We know next to nothing of the “Dark Lady of the Sonnets” — nothing beyond what Shakespeare tells us in 26 stanzas of overblown verse. Her eyes were nothing like the sun, of course – “raven black,” so he claims – and her lips were either paler than coral, as in Sonnet 130, or else the “scarlet ornaments” of No. 142. Shakespeare seems somewhat confused: “I have sworn thee fair, and thought thee bright,” he writes, “who art as black as hell, as dark as night.” It’s fair to say the sonnets aren’t reliable source material. The “Dark Lady” is a product of Shakespeare in lust.
Who was she? Who knows? Scholars have sought answers ever since the Victorian era. Some say Mary Fitton, a maid of honor to Queen Elizabeth I; others, a brothel owner known as Black Luce. Author Aubrey Burl lined up eight possible candidates before plumping for one Mrs. Florio, wife of an Italian lexicographer named John, but the best guess tends to be Emilia Lanier, née Bassano, a gentlewoman, a mother and a published poet, who started her own school. We don’t know a great deal about her, either: one embittered diarist calls her a whore and a harlot.
In “Emilia,” playwright Morgan Lloyd Malcolm writes into that blank space. She takes those few fragments of Bassano’s life and concocts a rollicking biography for an all-female cast: a mock history play. It elevates Emilia to the epitome of feminist fire and fury so that, “stifled, ignored, abused” all her life, she rages against the misogynist machine.
As a young woman, embodied by Saffron Coomber, she thumbs her nose at Elizabethan courtship rituals and launches witty zingers at lascivious male suitors — each played, preening and proud, by a woman in breeches and false facial hair. When Charity Wakefield’s sensitive shagger, Will Shakespeare, sniffs around her, Emilia matches him flirt for flirt and then, when he lifts her words into his writing (Emilia in “Othello” might be named after her), Adelle Leonce has her storm the Globe stage. Saved from suicide by a collective of washerwomen, she starts schooling them in return and smuggling subversive feminist literature beneath the censor’s gaze. So by the time Clare Perkins summons up a final speech so furiously righteous in its rebuttal of the patriarchal pressures she’s endured that it seems to shake the theatre’s roof, Emilia Bassano’s become a feminist hero for our times.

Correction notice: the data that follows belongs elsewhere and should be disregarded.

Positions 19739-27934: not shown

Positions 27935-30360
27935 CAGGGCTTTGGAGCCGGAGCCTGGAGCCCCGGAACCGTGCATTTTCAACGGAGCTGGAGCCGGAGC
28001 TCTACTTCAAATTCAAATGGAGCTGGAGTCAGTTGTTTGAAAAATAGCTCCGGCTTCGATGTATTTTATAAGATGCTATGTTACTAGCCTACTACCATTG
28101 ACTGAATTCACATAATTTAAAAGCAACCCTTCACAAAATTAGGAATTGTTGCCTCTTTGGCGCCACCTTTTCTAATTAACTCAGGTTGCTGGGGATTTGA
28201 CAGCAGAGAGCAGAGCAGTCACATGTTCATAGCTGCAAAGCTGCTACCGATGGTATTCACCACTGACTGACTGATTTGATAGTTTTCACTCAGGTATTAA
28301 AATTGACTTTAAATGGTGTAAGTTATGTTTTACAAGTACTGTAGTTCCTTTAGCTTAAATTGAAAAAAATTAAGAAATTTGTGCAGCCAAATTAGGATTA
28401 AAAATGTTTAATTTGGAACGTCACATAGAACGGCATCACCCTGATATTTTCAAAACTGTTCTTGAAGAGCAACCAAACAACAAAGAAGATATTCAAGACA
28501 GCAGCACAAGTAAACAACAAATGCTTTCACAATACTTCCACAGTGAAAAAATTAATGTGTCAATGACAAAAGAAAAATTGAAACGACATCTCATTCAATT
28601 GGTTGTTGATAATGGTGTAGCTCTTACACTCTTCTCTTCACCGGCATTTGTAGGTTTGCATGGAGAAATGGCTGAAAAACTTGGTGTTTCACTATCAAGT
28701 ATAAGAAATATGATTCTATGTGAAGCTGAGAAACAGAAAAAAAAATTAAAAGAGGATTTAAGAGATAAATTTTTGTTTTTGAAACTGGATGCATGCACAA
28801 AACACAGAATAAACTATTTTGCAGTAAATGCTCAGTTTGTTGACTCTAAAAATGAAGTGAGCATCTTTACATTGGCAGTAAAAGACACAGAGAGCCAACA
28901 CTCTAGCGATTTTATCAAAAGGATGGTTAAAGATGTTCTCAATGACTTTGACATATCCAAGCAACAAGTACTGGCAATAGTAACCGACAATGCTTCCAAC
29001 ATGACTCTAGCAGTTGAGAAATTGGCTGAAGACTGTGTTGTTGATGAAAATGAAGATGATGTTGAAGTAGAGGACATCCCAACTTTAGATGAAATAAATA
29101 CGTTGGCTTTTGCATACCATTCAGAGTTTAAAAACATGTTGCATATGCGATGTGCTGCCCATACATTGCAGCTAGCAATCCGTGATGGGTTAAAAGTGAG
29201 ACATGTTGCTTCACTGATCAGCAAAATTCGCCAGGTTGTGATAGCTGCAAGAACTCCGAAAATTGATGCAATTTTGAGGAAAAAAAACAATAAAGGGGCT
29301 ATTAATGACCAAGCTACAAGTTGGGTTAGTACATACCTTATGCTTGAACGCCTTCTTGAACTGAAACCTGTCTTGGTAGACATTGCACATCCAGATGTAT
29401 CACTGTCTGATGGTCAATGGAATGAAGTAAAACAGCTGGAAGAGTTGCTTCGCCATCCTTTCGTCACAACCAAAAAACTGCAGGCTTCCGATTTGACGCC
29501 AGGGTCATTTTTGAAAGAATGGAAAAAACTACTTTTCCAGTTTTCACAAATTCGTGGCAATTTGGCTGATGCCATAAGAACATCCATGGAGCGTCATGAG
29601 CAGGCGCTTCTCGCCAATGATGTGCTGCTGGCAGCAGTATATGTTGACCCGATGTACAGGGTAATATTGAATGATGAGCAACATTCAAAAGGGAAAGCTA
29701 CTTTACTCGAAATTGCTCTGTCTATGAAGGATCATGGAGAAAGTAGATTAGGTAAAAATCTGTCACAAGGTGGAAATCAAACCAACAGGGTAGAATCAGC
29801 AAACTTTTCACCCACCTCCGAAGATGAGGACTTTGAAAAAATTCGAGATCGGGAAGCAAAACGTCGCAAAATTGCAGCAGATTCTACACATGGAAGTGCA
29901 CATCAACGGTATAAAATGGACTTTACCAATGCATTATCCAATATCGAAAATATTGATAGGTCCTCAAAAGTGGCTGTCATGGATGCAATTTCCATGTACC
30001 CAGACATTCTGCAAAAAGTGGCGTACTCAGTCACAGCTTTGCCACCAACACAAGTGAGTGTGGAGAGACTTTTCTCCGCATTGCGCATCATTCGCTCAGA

For better or worse, that’s the point. Better, because it generates a whole lot of heat in the here and now and, just as Shakespeare’s history plays addressed the issues of his day, Lloyd Malcolm repurposes an Elizabethan woman’s life to address the problems that persist today. Her play is a cocktail of speculation and spirit and, if she gives her protagonist the benefit of four centuries and four waves of feminist theory, that is itself an embattled act. If history has all but written Emilia Bassano out, Lloyd Malcolm’s perfectly entitled to write her back in — but better and badder, with more bras to burn.
However, that airbrushing also undermines the whole. Lloyd Malcolm so clearly co-opts history to her own ends that it becomes easier to brush off her point. Her Emilia is flawless, too good to be true; the sum total of her character defects being a lack of resolve when she wades into the Thames and an instant of forgetting her privilege when addressing working-class women. The play doesn’t merely rewrite history, it renders it black and white. Joanna Scotcher’s costumes cast the world in two: patriarchal reds and cool sisterly blues.
If it puts women on a pedestal, “Emilia” is at its sharpest when poking fun at men. Its diverse, all-female cast drag up and deliver pastiche after pastiche, all the funnier when emasculated by doublet and hose. Sophie Stone surveys the dance floor like the lord of all lads and Tanika Yearwood smooths her eyebrows and swaggers like a self-crowned Tinder king. From the bumptious whinnying of Amanda Wilkin’s wet fish to the jowly pomposity of Jackie Clune’s outraged husband, the more accurate the impersonation, the more accusatory they become, sharply observed from the other side of the female gaze.
Wakefield’s Shakespeare is best of all: a primped and priggish literary lothario, forever staring off into the middle-distance as if impatient for the invention of photography. It’s a deft balancing act: charm personified, caring too, but carried on a wave of unchecked male privilege and pride. She is a fine foil to the three ardent Emilias: Coomber’s self-assured young sceptic, Leonce’s put-upon troubled soul and Perkins’s revenant burning with righteousness. Emilia restores and reclaims a forgotten female voice but, more than that, it threatens a wrecking ball if it happens again. Perkins’ last speech is seismic, a proper call to arms: “If they try to burn you,” she warns, “you can burn the whole f—- house down.”